Lucky Number 3?

Remember this post?  Well, scratch that.

Here’s a sentence I never envisioned myself uttering during those tear-fest drives to LAX on August 16, 2011 and January 25, 2013: “Year 3 in Korea is happening.”

Yep. I have renewed for one more year, and the 3 letters W-T-F are still swimming thru my brain.

I knew by going home in January I’d ramp up my anxiety a bit about the future.  I live a rather anxiety-free life, especially in Korea, except when money or big changes are happening, which I think is fairly normal.  However, when it kicks in, it kicks into full blown I’m-not-slowing-down-to-even-let-you-sleep mode.  The past 1.5 years in Korea have been completely void of this feeling, which is the most wonderful thing ever.  That is, until recently. Dun dun dun.

Up until 2, maybe 2.5 weeks ago, I was completely 110% set on the fact that I would be leaving Korea by September 2013 at the very latest.  I had started thinking I’d go to another country in Asia (maybe Hong Kong, Taiwan or China) for a new experience after traveling India and going home for a bit.  Then shit started getting more real.  There’s only 4 months of our current contract left, and I realized I’m almost 30 and need to have a more stable plan in order for that return home, and then the jumping off point after to go off without a hitch. I know myself, and if I were to go home with just the money I’d leave Korea with (which would be a pretty penny after 2 years!) I’d sit and stew at home about my next move, blow that cash in the process, and my anxiety would be left even worse.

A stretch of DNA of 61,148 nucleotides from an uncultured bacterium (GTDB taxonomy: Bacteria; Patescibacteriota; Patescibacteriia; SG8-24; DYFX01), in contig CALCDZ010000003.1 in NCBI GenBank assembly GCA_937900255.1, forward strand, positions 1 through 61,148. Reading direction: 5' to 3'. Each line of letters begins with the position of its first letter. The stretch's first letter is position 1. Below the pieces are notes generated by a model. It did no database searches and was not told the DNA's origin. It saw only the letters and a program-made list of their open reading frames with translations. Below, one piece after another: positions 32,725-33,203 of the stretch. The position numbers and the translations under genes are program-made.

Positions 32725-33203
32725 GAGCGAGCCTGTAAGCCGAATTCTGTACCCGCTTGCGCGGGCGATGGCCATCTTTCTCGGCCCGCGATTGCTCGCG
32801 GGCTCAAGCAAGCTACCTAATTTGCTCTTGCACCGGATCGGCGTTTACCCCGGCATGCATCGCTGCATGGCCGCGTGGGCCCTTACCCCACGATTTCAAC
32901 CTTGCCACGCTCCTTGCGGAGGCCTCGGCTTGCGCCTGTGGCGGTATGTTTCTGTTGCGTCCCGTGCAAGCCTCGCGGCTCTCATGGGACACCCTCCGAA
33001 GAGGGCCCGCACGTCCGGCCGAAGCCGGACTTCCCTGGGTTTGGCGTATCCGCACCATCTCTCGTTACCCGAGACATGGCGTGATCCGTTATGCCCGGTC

So, in the long run, a year is only a year, and for my own sanity it’ll be easier for me to get my ducks in a row this year abroad than it would be to do the same thing at home in the crazy Schaeff abode. Not to mention, I’ll basically be doubling the money that I’m going to be leaving Korea with.  I never thought I’d be here for 3 years, and I thought I’d have my shit together, but turns out that even though this year has been awesome, I feel like I didn’t do anything remotely proactive to make that happen.  So big girl pants must be worn this year.  And I plan to write a lot in the process.

I know my mom is not happy about it, per our 10 minute phone call resulting in a swift click of End Call, and Sista wants me home for her and the pups.  But, after talking to some pretty unbiased close friends who have their heads tightly screwed on straight, my dad, and lots of introspective Seoul searching, accompanied by a very trusty dusty Pros/Cons list, I feel that I’ve made the adult, mature, responsible decision.  Even though my heart is running rampant and can’t flutter straight, my head is the only thing that feels remotely clear, so I’m ultimately happy with my decision, albeit the massive pit in my stomach.  Plus, that means more travel adventures para mi, and there ain’t NOTHIN wrong with that! 🙂

Oh, and I will also be looking into finding a new apartamento in a more central locale, because home girl can’t hang in the boonies of North Korea (not really) for one more year.  And word on the street is that a good handful of my loves will still be around, so that is easing me just a skotch.